The Rise of Ecclesiastical Control in Quebec
Columbia University, 1916 - 195 pages
This early 20th century dissertation examines the rise in ecclesiastical control in Quebec, including the conversion of the native people to Christianity, as well as the influence of other people and cultures on religious climate of the province.
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able appointed attempt authority became become Bishop British brought Canada Census cent chapter Charlevoix Church of England civil clear clergy colony communities conquest considerable considered Const Council curés desire Docs early ecclesiastical ecclesiastical control English established fact faith France French Canadians further girls give given Governor granted habitants hand homogeneous houses hundred Ibid importance increase Indians influence inhabitants interests Jesuits king land language Laval laws less letter living Majesty married matters means minister Montreal natural necessary officers parishes Parkman period persons political population present priests Protestant province Quebec received Régime relation religion religious result river Roman Catholic Roman Catholic church schools settled settlements situation social solidarity soon subjects tithes trade wrote
Page 157 - I AB do sincerely promise and swear, That I will be faithful, and bear true allegiance, to their Majesties King William and Queen Mary: So help me God.
Page 86 - Jesuits only excepted) do for the present and until We can be more fully informed of the true State of them, and how far they are, or are not essential to the free Exercise of the Religion of the Church of Rome, as allowed within Our said Province, remain upon their present Establishment, but you are not to allow the Admission of any new Members into any of the said Societies or Communities...
Page 157 - That all his Majesty's Canadian Subjects within the Province of Quebec, the Religious Orders and Communities only excepted, may also hold and enjoy their Property and Possessions, together with all Customs and Usages relative thereto, and all other their Civil Rights, in as large, ample, and beneficial Manner, as if the said Proclamation, Commissions, Ordinances, and other Acts and Instruments, had not been made...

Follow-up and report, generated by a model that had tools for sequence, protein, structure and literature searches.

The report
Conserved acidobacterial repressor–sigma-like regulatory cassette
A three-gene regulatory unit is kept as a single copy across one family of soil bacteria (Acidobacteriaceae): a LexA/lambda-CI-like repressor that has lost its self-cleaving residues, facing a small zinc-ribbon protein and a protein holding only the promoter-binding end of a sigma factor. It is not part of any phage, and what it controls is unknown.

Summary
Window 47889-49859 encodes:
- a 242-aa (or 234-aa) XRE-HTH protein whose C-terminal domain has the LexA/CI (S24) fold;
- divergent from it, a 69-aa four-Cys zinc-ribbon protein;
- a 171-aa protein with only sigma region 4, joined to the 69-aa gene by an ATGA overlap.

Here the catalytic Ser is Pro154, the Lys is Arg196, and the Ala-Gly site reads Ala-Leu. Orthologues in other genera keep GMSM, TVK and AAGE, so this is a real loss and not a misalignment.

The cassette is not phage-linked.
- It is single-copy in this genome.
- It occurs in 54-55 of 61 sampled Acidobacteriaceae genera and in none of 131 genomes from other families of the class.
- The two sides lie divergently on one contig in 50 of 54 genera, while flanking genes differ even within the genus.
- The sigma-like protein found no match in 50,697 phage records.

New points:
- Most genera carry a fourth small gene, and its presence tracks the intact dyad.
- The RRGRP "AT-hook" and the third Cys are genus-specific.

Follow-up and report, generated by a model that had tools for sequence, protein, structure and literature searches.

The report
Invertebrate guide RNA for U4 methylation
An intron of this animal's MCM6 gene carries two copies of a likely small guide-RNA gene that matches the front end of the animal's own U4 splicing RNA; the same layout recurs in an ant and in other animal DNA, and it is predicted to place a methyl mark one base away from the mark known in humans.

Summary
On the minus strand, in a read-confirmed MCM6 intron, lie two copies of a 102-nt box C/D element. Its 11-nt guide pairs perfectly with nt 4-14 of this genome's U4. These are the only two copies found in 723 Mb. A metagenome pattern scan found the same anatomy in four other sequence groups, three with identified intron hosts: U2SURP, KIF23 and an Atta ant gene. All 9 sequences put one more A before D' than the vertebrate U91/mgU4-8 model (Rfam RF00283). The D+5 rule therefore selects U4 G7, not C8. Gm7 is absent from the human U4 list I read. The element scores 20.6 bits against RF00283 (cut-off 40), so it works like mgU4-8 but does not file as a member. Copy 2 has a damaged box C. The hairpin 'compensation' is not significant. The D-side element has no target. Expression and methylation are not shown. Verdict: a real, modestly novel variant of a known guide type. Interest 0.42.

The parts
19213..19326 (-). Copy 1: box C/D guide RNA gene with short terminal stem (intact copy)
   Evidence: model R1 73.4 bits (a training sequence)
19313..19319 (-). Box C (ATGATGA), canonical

Page 156 - ... little and the right of human nature so much, that the former has very little consideration with me. I look upon the people of Canada as coming, by the dispensation of God, under the British Government. I would have us govern it in the same manner as the all-wise disposition of Providence would govern it. We know He suffers the sun to shine upon the righteous and unrighteous ; and we ought to suffer all classes, without distinction, to enjoy equally the right of worshipping God, according to...
Page 157 - ... defend to the utmost of my power against all traitorous conspiracies and attempts whatsoever, which shall be made against his Person, Crown or Dignity. And I will do my utmost endeavour to disclose and make known to his Majesty and his Successors, all treasons and traitorous conspiracies which I shall know to be against him or any of them.
Page 136 - ... till they were plainly told that it would be deceiving them to admit those words, for the King had not the power to tolerate that religion in any other manner than ' as far as the laws of Great Britain permit.
Page 69 - They clung to ancient prejudices, ancient customs, and ancient laws, not from any strong sense of their beneficial effects, but with the unreasoning tenacity of an uneducated and unprogressive people.
Page 136 - As far as the laws of Great Britain permit, which laws prohibit absolutely all Popish Hierarchy in any of the Dominions belonging to the Crown of Great Britain, and can only admit of a toleration of the exercise of that Religion...
Page 31 - French settlers, softened by French manners, guided by French priests, ruled by French officers, their now divided bands would become the constituents of a vast wilderness empire, which in time might span the continent. Spanish civilization crushed the Indian ; English civilization scorned and neglected him ; French civilization embraced and cherished him.